Information processing in the brain reflects communication among neurons via neurotransmitters. The Solomon Snyder Laboratory studies diverse signaling systems including those of neurotransmitters and second messengers as well as the actions of drugs upon these processes. We are interested in atypical neurotransmitters such as nitric oxide (NO), carbon monoxide (CO), and the D-isomers of certain amino acids, specifically D-serine and D-aspartate. Our discoveries are leading to a better understanding of how certain drugs for Parkinson's disease and Hungtington's disease interact with cells and proteins. Understanding how other second messengers work is giving us insight into anti-cancer therapies.
Research in the Claypool Lab is focused on defining how lipids and membrane proteins interact to establish and maintain normal mitochondrial function and how derangements in this complex relationship result in pathophysiology. We have demonstrated that yeast lacking tafazzin recapitulates all of the phospholipid abnormalities observed in human patients and many of the mitochondrial defects.
Another major project in our lab focuses on the mitochondrial ADP/ATP carrier that is required for oxidative phosphorylation. Researchers are studying how these novel interactions help establish normal mitochondrial function, the biochemical details of these associations, and whether disturbances in these assemblies can contribute to mitochondrial dysfunction.
The Michaelis Laboratory's research goal is to dissect fundamental cellular processes relevant to human health and disease, using yeast and mammalian cell biology, biochemistry and high-throughput genomic approaches. Our team studies the cell biology of lamin A and its role in the premature aging disease Hutchinson-Gilford progeria syndrome (HGPS). Other research focuses on the core cellular machinery involved in recognition of misfolded proteins. Understanding cellular protein quality control machinery will ultimately help researchers devise treatments for protein misfolding diseases in which degradation is too efficient or not enough.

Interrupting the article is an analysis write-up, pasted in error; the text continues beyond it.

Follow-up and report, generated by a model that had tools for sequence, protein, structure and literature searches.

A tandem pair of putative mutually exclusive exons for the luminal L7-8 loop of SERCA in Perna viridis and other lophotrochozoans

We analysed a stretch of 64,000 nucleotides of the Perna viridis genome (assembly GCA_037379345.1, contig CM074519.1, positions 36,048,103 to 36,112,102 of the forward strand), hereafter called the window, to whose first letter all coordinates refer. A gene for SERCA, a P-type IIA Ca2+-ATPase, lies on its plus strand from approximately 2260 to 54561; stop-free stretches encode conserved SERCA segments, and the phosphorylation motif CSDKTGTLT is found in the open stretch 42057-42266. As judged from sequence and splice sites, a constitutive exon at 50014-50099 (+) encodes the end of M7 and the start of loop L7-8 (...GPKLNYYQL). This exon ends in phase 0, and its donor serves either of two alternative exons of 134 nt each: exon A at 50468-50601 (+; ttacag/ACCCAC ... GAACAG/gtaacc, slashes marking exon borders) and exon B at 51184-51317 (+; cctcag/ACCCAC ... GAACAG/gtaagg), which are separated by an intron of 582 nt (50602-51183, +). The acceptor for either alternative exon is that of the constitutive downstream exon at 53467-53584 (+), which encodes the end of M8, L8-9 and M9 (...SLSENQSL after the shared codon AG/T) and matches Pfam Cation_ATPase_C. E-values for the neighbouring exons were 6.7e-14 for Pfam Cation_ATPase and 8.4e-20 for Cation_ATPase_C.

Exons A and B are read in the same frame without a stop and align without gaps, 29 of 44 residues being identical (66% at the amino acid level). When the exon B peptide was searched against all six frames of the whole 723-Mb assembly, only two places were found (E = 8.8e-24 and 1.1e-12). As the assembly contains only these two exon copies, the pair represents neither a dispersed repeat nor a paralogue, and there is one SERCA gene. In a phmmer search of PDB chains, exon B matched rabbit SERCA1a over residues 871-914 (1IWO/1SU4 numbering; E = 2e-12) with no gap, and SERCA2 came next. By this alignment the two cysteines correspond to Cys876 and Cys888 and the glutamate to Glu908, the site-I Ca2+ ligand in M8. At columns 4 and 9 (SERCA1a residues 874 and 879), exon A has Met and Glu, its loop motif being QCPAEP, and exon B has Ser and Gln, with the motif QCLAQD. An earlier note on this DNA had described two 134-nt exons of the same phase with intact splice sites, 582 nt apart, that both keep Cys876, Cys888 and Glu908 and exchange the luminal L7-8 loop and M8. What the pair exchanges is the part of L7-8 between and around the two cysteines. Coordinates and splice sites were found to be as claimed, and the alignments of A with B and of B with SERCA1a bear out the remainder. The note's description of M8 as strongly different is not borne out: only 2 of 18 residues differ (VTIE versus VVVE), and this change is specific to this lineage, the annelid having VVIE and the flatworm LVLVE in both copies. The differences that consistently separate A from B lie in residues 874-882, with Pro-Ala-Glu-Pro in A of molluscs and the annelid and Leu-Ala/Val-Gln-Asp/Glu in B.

The O'Connor Lab studies the molecular basis of infectious disease using Legionella pneumophila pathogenesis as a model system.
We are looking at the network of molecular interactions acting at the host-pathogen interface. Specifically, we use L. pneumophila pathogenesis to examine the numerous mechanisms by which an intracellular bacterial pathogen can establish infection, how it exploits host cell machinery to accomplish this, and how individual proteins and their component pathways coordinately contribute to disease.
We are also studying the role of environmental hosts in the evolution of human pathogens. Using genetics and functional genomics, we compare and contrast the repertoires of virulence proteins required for growth in a broad assortment of hosts, how the network of molecular interactions differs between hosts, and the mechanisms by which L. pneumophila copes with this variation.
The nervous system has extremely complex RNA processing regulation. Dysfunction of RNA metabolism has emerged to play crucial roles in multiple neurological diseases. Mutations and pathologies of several RNA-binding proteins are found to be associated with neurodegeneration in both amyotrophic lateral sclerosis (ALS) and frontotemporal dementia (FTD). An alternative RNA-mediated toxicity arises from microsatellite repeat instability in the human genome. The expanded repeat-containing RNAs could potentially induce neuron toxicity by disrupting protein and RNA homeostasis through various mechanisms.